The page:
Dixie has organized a non-profit research and support group and has assembled a 38-member scientific advisory board. Professor Jim Krume and his colleagues from North Carolina State have substantiated Dixie's findings of the detriment of chromosonal abnormalities on the proper absorption on nutrients by children with Downs Syndrome. Preliminary research was done on genetically altered mice - mice specifically altered to mimic many of the symptoms of Downs Syndrome. Upon monitoring the digestive processes of these mice, scientists found that Dixie's claims held up. The mice in the experiment also had difficulty absorbing nutrients.
Last year, Dr. Lawrence Lichtman of Norfolk, VA, compared children taking the formula with those who were not. Lichtman matched the two groups of patients on the basis of age, sex and race. His findings concluded that the children who were on the formula grew better. Other statistics were significant as well. These children had a decrease incidence of upper respiratory and ear infections.
Another positive report came from Dr. Becker from Toronto, Canada, where researchers from the Hospital for Sick Children are looking at another piece of the puzzle. As head of the pathology deparment, Dr. Becker has researched the Down's Syndrome brain. Measuring neurons, the cells responsible for intelligence, he and his colleagues found that, contrary to popular belief, the Down's Syndrome brain at birth shows no sign of retardation. A neuron cell is very complex and its growth can be compared to that of a tree. In the first six months of life, the neurons in the Down's Syndrome brain appear to develop very aggressively but in the second six months of life, they actually regress. It may be possible to improve intelligence if grown factors can be pinpointed.
You can imagine my excitement in learning about Dixie Lawrence's discovery. What hope it offered, both the preborn diagnosed with Down's Syndrome and the parents struggling to improve the lives of their children. Now, however, Nightline's feature took an evil twist.
According to a study published in the Journal, NATURE, scientists from Harvard University isolated neurons from aborted fetuses with Down's Syndrome and compared them to those from normal fetuses. The Harvard researchers found that the normal brain cells, even after seven days in a lab dish, continue to thrive. Those taken from fetuses, with Down's Syndrome began to degenerate. The scientists put the Down's Syndrome brain cells into a bath of nutrients (anti-toxidants) and discovered that the cells flourished. They were growing normally. It was at this point that my heart began to ache. Because I have lost two of my own children to abortion, I often wonder what happened to their poor, little bodies. My focus of concern went beyond myself to other parents. I began to think of those parents that I have counseled following an abortion decision, men and women now in the process of restoration and healing. Hearing this information about the use of fetal tissue could send them reeling back into the pits of horror and despair.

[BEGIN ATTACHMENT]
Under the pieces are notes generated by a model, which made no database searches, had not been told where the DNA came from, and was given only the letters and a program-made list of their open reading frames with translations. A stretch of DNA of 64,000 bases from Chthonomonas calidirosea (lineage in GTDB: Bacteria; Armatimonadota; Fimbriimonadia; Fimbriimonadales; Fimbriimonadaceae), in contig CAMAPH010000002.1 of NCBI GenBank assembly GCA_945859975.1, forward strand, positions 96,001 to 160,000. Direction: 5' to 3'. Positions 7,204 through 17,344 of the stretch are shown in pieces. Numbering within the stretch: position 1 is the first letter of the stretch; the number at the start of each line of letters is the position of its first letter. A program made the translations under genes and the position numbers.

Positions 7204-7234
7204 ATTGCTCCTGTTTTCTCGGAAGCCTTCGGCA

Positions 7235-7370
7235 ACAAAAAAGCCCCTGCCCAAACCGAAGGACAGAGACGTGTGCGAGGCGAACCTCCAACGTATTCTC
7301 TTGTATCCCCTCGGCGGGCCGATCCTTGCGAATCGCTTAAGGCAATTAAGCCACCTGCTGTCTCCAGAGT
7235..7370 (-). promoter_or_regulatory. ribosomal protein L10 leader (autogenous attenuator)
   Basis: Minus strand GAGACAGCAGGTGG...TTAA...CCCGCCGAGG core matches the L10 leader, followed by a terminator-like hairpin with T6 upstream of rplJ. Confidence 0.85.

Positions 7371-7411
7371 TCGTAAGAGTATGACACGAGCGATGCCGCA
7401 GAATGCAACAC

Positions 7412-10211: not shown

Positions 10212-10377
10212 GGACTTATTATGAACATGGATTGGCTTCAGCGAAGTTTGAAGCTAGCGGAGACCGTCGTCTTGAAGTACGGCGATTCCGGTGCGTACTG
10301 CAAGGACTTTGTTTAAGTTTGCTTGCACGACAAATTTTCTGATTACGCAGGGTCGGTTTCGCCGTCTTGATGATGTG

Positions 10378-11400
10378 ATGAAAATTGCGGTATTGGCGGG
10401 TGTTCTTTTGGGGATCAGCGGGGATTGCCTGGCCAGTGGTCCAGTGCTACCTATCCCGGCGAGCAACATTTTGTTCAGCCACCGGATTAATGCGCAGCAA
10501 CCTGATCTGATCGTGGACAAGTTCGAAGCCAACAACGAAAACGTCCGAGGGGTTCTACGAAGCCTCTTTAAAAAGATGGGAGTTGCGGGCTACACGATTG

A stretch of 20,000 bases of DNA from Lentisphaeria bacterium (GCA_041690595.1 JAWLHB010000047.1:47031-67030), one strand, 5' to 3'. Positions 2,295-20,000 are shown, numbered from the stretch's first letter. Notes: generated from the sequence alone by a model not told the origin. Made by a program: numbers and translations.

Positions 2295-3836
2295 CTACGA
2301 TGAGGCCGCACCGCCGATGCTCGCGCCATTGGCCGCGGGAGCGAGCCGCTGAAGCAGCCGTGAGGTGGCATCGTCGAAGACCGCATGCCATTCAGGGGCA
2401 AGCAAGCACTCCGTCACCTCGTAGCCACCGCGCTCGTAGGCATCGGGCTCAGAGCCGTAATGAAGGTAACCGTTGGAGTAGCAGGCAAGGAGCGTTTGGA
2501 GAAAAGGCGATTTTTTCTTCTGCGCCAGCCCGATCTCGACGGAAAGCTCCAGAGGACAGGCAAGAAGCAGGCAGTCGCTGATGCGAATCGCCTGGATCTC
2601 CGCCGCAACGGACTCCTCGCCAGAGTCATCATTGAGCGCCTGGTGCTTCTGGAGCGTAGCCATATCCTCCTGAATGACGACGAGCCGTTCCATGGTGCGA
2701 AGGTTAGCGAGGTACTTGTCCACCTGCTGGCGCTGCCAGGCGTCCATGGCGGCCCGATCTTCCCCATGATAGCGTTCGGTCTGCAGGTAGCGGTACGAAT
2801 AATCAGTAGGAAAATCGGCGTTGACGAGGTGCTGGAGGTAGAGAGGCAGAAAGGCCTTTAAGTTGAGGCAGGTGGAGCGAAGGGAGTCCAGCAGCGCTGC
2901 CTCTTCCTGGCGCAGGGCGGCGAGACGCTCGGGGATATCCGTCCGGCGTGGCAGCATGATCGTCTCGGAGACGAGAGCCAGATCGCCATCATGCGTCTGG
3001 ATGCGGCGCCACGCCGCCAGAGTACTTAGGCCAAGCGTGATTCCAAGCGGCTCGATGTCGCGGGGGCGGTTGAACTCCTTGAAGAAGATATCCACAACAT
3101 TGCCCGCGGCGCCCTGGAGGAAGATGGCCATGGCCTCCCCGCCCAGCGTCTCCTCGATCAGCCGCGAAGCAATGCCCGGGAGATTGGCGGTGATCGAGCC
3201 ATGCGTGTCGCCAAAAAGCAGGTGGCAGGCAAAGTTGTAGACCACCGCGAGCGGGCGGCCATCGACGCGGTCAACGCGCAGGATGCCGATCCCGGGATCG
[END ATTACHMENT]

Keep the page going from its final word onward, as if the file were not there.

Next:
My heart went out to those parents who, through ignorance, weakness and lack of faith, fell to the pressures of the abortion industry and now face an empty cradle. My prayer is that the Church will comfort these mothers and fathers by sharing the gospel message: Jesus came to rescue us from every sin; yes, even abortion is not to great for his grace and mercy.
Another emotion welled up in me. I found myself disgusted with Nightline. They had presented the beautiful, hopeful, exciting story of Dixie Lawrence. The discovery she made out of love and respect for her daughter, Madison, can change the way we look at people with Down's Syndrome. It can change our attitude. Dixie's discovery gives us new insight on the disease itself. Research and monitored studies - without using fetal tissue - were significant to convince the scientific and lay world. However, the media chose to take a beautiful story and manipulate it to make fetal tissue research platable because the ends justify the means.
The product that Dixie Lawrence "customized" has been of considerable benefit to her daughter. And it was produced without the use of fetal brain research. I believe that Dixie's work reflects a confidence in God. God can and will provide. All we must do is commit to finding a way - HIS WAY - to bless life and reclaim it for His glory.
After all, isn't that what we, as pro-lifers, are all about?
For information on Dixie's nutritional supplement, you may write the DIXIE LAWRENCE FOUNDATION, FRIENDS OF TNI RESEARCH, 11718 Barrington Court, #511, Los Angeles, CA 90049 or call 310-472-8778